Astronomers have suspected that Ceres, the dwarf planet that inhabits the asteroid belt, might have a very thin atmosphere, which comes and goes over time.
Researchers thought that it could be influenced by how close or far Ceres is from the Sun around its orbit but a new study, published in the Astrophysical Journal Letters, suggests that the atmosphere is created when the Sun is more active.
"We think the occurrence of Ceres' transient atmosphere is the product of solar activity," lead author Michaela Villarreal said in a statement. Energetic particles from the Sun hits water ice present on the surface of the dwarf planet. This process, called “sputtering”, could explain the observations of this vanishing act of an atmosphere.
Hints of an atmosphere were first detected in 1991 by the International Ultraviolet Explorer. Different telescopes and space observatories have looked since then with mixed results. NASA’s Dawn reached Ceres in 2015 and it discovered extensive deposits of ice.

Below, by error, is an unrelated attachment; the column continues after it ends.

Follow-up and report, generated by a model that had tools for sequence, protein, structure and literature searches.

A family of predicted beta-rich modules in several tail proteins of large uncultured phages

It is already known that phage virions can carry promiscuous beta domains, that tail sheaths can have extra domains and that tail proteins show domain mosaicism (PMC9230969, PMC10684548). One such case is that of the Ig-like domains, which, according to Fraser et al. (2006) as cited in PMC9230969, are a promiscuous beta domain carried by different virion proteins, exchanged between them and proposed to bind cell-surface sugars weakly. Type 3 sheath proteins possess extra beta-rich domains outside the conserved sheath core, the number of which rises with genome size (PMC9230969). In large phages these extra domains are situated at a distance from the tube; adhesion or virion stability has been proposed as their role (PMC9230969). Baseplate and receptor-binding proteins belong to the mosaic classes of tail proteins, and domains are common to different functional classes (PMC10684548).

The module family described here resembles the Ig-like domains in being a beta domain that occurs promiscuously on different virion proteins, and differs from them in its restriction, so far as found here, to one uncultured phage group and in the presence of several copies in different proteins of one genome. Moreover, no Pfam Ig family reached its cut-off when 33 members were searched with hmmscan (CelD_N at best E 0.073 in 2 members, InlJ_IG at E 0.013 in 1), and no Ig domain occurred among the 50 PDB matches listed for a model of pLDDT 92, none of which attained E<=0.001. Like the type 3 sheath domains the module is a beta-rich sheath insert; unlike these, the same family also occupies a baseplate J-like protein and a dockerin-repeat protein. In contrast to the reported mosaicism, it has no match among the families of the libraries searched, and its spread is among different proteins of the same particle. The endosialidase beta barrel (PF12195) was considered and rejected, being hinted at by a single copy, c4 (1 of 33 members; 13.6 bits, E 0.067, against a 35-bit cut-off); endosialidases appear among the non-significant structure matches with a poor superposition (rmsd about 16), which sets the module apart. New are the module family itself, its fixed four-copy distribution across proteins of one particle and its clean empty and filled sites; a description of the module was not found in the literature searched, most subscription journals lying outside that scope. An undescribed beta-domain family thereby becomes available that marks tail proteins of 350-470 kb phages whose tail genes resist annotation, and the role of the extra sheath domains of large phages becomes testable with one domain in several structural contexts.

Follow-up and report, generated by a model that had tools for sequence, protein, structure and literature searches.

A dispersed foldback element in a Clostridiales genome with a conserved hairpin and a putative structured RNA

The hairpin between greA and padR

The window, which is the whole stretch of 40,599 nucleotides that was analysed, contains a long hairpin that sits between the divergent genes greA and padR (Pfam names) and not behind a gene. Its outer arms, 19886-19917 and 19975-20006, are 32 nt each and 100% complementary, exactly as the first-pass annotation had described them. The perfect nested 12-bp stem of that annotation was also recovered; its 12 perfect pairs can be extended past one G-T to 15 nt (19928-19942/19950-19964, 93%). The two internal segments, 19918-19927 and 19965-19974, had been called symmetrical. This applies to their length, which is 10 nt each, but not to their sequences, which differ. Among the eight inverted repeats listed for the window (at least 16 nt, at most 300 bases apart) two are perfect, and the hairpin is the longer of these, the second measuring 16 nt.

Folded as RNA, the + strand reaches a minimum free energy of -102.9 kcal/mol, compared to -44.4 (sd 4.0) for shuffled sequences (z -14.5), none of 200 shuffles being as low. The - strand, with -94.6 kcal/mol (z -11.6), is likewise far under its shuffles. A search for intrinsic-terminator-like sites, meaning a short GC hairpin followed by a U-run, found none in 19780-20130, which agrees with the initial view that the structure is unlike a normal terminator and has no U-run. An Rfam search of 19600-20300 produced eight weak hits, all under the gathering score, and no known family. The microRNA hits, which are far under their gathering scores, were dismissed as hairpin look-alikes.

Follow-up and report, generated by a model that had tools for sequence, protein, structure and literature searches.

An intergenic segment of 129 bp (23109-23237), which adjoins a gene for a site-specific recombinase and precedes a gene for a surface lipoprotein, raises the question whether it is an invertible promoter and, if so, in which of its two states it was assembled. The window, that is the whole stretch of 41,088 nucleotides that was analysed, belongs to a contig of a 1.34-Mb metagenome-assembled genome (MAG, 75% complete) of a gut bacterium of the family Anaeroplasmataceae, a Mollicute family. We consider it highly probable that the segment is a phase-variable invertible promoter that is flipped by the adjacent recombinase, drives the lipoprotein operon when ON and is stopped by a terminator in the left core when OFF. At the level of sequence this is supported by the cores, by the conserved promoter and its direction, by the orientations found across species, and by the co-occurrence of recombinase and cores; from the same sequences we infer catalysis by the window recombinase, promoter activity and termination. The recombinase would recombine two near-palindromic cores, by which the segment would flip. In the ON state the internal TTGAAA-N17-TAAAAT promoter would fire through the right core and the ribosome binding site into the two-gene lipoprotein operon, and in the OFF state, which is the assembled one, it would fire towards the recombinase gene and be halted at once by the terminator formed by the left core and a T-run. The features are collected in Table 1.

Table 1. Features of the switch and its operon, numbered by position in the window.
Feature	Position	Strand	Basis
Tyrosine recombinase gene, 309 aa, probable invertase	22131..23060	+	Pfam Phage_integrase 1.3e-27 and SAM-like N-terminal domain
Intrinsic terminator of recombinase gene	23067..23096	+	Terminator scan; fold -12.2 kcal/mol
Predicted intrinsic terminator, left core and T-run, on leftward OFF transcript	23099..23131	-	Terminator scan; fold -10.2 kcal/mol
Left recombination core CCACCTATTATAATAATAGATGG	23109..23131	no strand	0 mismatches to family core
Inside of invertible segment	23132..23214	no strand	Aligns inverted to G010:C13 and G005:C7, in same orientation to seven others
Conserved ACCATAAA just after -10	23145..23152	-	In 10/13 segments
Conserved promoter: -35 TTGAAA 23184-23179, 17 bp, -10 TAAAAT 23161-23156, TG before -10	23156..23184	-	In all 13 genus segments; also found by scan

Some assumed that Ceres was behaving like a comet. As its orbit took it closer to the Sun, its outer layer would begin to sublimate. But the detection periods didn’t match with the planet’s orbit.
"Sublimation probably is present, but we don't think it's significant enough to produce the amount of exosphere that we're seeing," Villarreal added.
Animation of the Hydrogen content of Ceres. Blue is high and red is low. NASA/JPL-Caltech/UCLA/MPS/DLR/IDA/PSI
In its mission around Ceres, the spacecraft was able to identify the thin atmosphere, technically known as an exosphere. It also measured how many high energy particles were present around the dwarf planet. The team has shown that the detections of the exosphere coincide with a particularly active Sun.
"Our results also have implications for other airless, water-rich bodies of the solar system, including the polar regions of the moon and some asteroids," said Chris Russell, principal investigator of the Dawn mission, also at UCLA. "Atmospheric releases might be expected from their surfaces, too, when solar activity erupts."
The Sun is about to enter a quiet period, so Ceres might say goodbye to its atmosphere for now.